80

Given this CSV file:

"A","B","C","D","E","F","timestamp"
611.88243,9089.5601,5133.0,864.07514,1715.37476,765.22777,1.291111964948E12
611.88243,9089.5601,5133.0,864.07514,1715.37476,765.22777,1.291113113366E12
611.88243,9089.5601,5133.0,864.07514,1715.37476,765.22777,1.291120650486E12

I simply want to load it as a matrix/ndarray with 3 rows and 7 columns. However, for some reason, all I can get out of numpy is an ndarray with 3 rows (one per line) and no columns.

r = np.genfromtxt(fname,delimiter=',',dtype=None, names=True)
print r
print r.shape

[ (611.88243, 9089.5601000000006, 5133.0, 864.07514000000003, 1715.3747599999999, 765.22776999999996, 1291111964948.0)
 (611.88243, 9089.5601000000006, 5133.0, 864.07514000000003, 1715.3747599999999, 765.22776999999996, 1291113113366.0)
 (611.88243, 9089.5601000000006, 5133.0, 864.07514000000003, 1715.3747599999999, 765.22776999999996, 1291120650486.0)]
(3,)

I can manually iterate and hack it into the shape I want, but this seems silly. I just want to load it as a proper matrix so I can slice it across different dimensions and plot it, just like in matlab.

158

Pure numpy

numpy.loadtxt(open("test.csv", "rb"), delimiter=",", skiprows=1)

Check out the loadtxt documentation.

You can also use python's csv module:

import csv
import numpy
reader = csv.reader(open("test.csv", "rb"), delimiter=",")
x = list(reader)
result = numpy.array(x).astype("float")

You will have to convert it to your favorite numeric type. I guess you can write the whole thing in one line:

result = numpy.array(list(csv.reader(open("test.csv", "rb"), delimiter=","))).astype("float")

Added Hint:

You could also use pandas.io.parsers.read_csv and get the associated numpy array which can be faster.

6
  • I would add that the skiprows=1 flag is skipping the first row, and is not a standard activation flag if you want to keep all the data. Worked perfectly! – Arturo Jan 2 '17 at 21:09
  • loadtxt does not load also the column names which happen with names=True on genfromtxt – mhstnsc Oct 26 '17 at 12:06
  • Can I ask - is open local to that single line? As in, does the file close at the end of the line? – Daniel Soutar Mar 22 '18 at 0:14
  • Yes, it closes the file. See also: stackoverflow.com/questions/8011797/… – Kaveh_kh Mar 22 '18 at 18:05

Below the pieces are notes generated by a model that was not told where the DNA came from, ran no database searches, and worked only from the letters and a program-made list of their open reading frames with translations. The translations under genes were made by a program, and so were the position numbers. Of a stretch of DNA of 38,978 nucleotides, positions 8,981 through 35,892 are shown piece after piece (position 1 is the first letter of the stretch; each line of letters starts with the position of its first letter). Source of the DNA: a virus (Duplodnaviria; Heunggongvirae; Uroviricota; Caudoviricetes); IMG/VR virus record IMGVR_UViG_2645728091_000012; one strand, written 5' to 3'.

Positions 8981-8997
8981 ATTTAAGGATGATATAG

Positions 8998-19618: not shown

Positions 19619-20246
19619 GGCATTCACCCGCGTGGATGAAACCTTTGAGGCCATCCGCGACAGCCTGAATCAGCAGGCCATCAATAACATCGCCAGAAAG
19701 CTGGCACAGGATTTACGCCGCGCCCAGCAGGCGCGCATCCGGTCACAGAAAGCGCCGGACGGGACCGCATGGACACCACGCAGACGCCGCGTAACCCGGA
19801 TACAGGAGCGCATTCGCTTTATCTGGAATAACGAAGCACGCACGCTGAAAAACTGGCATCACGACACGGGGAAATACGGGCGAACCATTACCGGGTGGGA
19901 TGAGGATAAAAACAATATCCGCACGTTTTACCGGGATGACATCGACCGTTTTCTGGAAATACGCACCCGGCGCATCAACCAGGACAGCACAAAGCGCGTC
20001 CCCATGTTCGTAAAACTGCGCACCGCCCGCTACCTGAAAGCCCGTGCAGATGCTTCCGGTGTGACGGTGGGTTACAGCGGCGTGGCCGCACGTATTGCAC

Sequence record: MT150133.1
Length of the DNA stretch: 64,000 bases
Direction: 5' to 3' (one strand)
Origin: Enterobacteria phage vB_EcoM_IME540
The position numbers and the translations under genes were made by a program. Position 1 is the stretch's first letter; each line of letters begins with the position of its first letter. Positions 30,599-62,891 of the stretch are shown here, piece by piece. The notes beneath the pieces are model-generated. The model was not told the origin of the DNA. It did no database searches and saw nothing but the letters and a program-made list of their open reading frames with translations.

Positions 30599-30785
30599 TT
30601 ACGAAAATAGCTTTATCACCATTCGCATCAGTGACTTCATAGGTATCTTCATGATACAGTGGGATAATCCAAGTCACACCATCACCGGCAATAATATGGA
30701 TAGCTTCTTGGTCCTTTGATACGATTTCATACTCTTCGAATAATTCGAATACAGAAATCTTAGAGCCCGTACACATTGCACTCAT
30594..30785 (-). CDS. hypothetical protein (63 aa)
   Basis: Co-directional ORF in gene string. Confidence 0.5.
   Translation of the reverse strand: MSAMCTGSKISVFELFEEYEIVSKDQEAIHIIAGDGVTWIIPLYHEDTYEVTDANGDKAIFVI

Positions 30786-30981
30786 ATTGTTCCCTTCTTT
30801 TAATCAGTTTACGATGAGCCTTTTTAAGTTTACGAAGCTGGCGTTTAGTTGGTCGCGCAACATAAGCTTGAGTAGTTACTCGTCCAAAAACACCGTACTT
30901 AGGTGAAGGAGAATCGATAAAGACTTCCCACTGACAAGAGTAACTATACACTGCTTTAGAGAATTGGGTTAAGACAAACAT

• I would suggest using the seocnd method since loadtxt is awfully slow. Alternatively pandas is pretty great for the purpose – fireball.1 Feb 13 '19 at 12:02
6

I think using dtype where there is a name row is confusing the routine. Try

>>> r = np.genfromtxt(fname, delimiter=',', names=True)
>>> r
array([[  6.11882430e+02,   9.08956010e+03,   5.13300000e+03,
          8.64075140e+02,   1.71537476e+03,   7.65227770e+02,
          1.29111196e+12],
       [  6.11882430e+02,   9.08956010e+03,   5.13300000e+03,
          8.64075140e+02,   1.71537476e+03,   7.65227770e+02,
          1.29111311e+12],
       [  6.11882430e+02,   9.08956010e+03,   5.13300000e+03,
          8.64075140e+02,   1.71537476e+03,   7.65227770e+02,
          1.29112065e+12]])
>>> r[:,0]    # Slice 0'th column
array([ 611.88243,  611.88243,  611.88243])
2
  • Interestingly, this does not change the result in my case. I am using Python 2.5 and numpy 1.4.1 so maybe that is the problem – dgorissen Nov 30 '10 at 16:55
  • I'm using Python 2.6 and NumPy 1.3.0! I like the older behavior better. – mtrw Nov 30 '10 at 17:14
4

You can read a CSV file with headers into a NumPy structured array with np.genfromtxt. For example:

import numpy as np

csv_fname = 'file.csv'
with open(csv_fname, 'w') as fp:
    fp.write("""\
"A","B","C","D","E","F","timestamp"
611.88243,9089.5601,5133.0,864.07514,1715.37476,765.22777,1.291111964948E12
611.88243,9089.5601,5133.0,864.07514,1715.37476,765.22777,1.291113113366E12
611.88243,9089.5601,5133.0,864.07514,1715.37476,765.22777,1.291120650486E12
""")

# Read the CSV file into a Numpy record array
r = np.genfromtxt(csv_fname, delimiter=',', names=True, case_sensitive=True)
print(repr(r))

which looks like this:

array([(611.88243, 9089.5601, 5133., 864.07514, 1715.37476, 765.22777, 1.29111196e+12),
       (611.88243, 9089.5601, 5133., 864.07514, 1715.37476, 765.22777, 1.29111311e+12),
       (611.88243, 9089.5601, 5133., 864.07514, 1715.37476, 765.22777, 1.29112065e+12)],
      dtype=[('A', '<f8'), ('B', '<f8'), ('C', '<f8'), ('D', '<f8'), ('E', '<f8'), ('F', '<f8'), ('timestamp', '<f8')])

You can access a named column like this r['E']:

array([1715.37476, 1715.37476, 1715.37476])

Note: this answer previously used np.recfromcsv to read the data into a NumPy record array. While there was nothing wrong with that method, structured arrays are generally better than record arrays for speed and compatibility.

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